Loney Hutchins - Appalachia
Appalachia Record Co.
Loney Hutchins has spent years working mainly behind the scenes in Nashville. Throughout the 1970s he was at House of Cash, Johnny Cash’s publishing company, for whom he wrote songs, produced demos and pitched songs. In the late 1970s he began developing his own recording and performing career. He spent 3 days in the North Nashville Studio By The Lake in 1979 recording tracks for his debut album. Working with musicians from Dolly Parton’s then road band, plus lead guitarist Harry Robinson, he completed the ten tracks that make up this album. He shopped the record around to various labels, both in Nashville and even on the West Coast, with no takers. Finally, in 1982 he self-released the album, but lacking major promotion, it failed to make an impact. Fast forward to 2017, Loney’s son, Loney John Hutchins, an independent Nashville musician and producer, began archiving his father’s reels and reels of tape recordings. Following the success last year of Loney’s BURIED LOOT album of previously unissued recordings, it made sense to reissue the original APPALACHIA album, fully remastered and sounding as fresh as if it had been recorded just a few days ago. Now nostalgia aficionados don’t have to root around in cool vinyl sections to discover Loney Hutchins’ past.
The album’s ten tracks emote days of yesteryear, combined with dusty folk trails and lo-fi Americana country. Throughout, he presents clever original material featuring his pleasant twang of a singing voice, in stylistic settings ranging from traditional country to bluegrass-flavours, rockin’ country to positive country-pop. Indeed, there are simple sentiments expressed in every song, whether it’s the down-home designs of the title track, or the longing and love shared in I Wouldn’t Say It If It Wasn’t So. The lead-off track, Timbertree, echoes the inspiring majesty of the Smokey Mountains. The song abounds with energy as he recalls family history, hard-working mountain folk and the strength of community, all dressed up in an electric bluegrass arrangement. With its jangly guitar, steady groove and airy harmonies, I’ve Got The Feeling definitely brings to mind 1960s country-rock with a sunny California vibe.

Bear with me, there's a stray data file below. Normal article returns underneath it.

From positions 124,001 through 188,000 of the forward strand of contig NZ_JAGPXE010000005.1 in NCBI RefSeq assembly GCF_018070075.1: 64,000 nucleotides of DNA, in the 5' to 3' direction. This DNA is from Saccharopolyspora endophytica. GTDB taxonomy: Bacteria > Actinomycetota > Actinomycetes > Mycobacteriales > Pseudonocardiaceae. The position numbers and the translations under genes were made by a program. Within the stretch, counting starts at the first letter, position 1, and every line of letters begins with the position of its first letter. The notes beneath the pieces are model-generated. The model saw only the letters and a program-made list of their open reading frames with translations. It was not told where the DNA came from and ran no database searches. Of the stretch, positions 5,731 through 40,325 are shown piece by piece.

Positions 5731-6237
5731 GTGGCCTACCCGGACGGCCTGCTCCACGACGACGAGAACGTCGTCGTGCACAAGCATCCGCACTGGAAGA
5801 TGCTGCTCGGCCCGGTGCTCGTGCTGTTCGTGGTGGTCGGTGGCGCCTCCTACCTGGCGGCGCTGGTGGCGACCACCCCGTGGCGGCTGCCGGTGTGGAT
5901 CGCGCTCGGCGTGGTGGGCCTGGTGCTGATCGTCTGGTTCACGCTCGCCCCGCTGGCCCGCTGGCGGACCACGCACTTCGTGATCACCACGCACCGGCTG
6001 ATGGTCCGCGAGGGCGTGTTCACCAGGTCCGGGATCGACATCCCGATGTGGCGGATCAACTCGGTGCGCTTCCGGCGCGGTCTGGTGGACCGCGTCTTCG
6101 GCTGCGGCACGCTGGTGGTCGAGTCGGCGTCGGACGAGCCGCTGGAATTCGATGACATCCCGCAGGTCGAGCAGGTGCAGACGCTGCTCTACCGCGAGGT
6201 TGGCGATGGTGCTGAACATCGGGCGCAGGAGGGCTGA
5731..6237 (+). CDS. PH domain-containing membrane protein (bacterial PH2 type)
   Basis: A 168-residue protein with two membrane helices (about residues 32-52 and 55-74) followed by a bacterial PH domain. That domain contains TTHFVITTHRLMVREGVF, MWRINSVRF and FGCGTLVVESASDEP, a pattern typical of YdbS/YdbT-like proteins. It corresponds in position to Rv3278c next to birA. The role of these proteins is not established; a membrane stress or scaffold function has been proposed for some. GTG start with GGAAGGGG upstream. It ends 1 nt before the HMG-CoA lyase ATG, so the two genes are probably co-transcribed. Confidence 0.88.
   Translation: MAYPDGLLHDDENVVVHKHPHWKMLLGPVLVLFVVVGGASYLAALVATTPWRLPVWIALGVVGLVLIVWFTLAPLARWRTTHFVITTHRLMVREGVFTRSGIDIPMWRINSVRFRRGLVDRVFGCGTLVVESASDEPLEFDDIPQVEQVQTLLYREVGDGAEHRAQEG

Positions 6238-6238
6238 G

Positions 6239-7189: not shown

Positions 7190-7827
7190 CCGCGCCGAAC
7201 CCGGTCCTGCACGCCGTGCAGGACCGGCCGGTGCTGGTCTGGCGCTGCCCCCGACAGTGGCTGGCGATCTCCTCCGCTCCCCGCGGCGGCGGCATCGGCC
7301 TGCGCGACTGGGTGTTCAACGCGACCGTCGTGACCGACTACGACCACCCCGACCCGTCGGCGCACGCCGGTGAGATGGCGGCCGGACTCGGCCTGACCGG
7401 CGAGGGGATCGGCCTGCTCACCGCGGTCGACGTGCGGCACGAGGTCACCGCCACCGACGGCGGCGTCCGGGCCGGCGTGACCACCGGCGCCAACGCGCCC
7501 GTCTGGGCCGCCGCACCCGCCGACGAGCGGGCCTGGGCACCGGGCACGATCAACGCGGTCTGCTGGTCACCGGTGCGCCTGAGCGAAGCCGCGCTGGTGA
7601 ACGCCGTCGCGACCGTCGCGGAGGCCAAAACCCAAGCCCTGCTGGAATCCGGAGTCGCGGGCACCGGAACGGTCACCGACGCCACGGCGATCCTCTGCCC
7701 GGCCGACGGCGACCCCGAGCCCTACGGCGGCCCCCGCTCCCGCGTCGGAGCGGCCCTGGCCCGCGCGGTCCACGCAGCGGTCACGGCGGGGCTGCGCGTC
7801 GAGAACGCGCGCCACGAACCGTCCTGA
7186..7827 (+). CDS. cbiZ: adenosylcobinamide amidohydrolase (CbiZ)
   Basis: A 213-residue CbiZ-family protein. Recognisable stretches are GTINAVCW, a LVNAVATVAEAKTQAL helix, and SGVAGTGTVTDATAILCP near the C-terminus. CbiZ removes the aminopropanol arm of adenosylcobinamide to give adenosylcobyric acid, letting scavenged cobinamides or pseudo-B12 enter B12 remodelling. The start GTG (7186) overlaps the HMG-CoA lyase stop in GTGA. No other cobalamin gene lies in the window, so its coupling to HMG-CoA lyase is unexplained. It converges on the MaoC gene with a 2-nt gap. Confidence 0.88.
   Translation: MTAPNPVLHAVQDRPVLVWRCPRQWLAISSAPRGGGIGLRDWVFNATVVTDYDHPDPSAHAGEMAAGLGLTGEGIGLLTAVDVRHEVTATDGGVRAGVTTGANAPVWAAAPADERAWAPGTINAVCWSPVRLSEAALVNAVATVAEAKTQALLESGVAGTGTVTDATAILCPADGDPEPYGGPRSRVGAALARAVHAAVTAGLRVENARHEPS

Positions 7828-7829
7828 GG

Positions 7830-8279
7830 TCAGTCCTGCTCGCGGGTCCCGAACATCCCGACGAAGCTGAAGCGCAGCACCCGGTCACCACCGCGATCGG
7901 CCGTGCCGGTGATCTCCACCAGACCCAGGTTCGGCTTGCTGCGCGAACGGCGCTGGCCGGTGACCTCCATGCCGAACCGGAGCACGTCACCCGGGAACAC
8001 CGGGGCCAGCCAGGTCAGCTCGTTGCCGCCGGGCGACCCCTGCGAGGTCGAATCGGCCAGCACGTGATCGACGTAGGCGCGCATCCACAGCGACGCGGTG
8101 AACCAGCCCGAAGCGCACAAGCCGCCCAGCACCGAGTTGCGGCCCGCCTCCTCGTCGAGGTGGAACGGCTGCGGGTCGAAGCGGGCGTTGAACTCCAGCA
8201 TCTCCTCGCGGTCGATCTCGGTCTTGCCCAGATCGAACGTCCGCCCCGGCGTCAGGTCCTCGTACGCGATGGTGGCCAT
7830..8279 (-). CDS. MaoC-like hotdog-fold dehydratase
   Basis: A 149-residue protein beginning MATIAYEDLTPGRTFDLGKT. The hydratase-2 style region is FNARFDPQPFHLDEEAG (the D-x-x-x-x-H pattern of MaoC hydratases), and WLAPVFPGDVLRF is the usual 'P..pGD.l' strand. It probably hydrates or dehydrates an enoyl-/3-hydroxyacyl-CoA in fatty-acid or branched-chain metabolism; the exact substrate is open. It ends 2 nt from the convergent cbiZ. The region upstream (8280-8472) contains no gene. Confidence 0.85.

You Still Have That Look In Your Eye pairs hopeless romance with some added grunge-y guitars for an easy-going approachability that’s stripped, vulnerable, and wildly endearing, as it explores the strength in devotion and the power in silence and a simple glance. Mountain Eyes has the easy laid-back loping sound of a long-lost Don Williams’ outtake. Both tender and touching, this is an emotional tribute to a mother which stays just on the right side of tasteful. There’s swaggering enthusiasm to When You Fall In Love, a rollicking tune veering closer to rock than country. A rougher-edged Eddie Rabbitt came to mind in Son Of A No Good Man, incorporating fine guitar work that veers from surf rock to a Creedence Clearwater Revival throwback. We’ve Got It All has an enthusiastic up-tempo gospel rally call as he joyously sings about all the simple riches that he and his family have. A rootsy, jubilant standout that exudes organic authenticity. With that proposition in mind, credit Loney Hutchins for his melodic blend of bluegrass, rock, and country, an approach that integrates all those elements without falling back on any one in particular.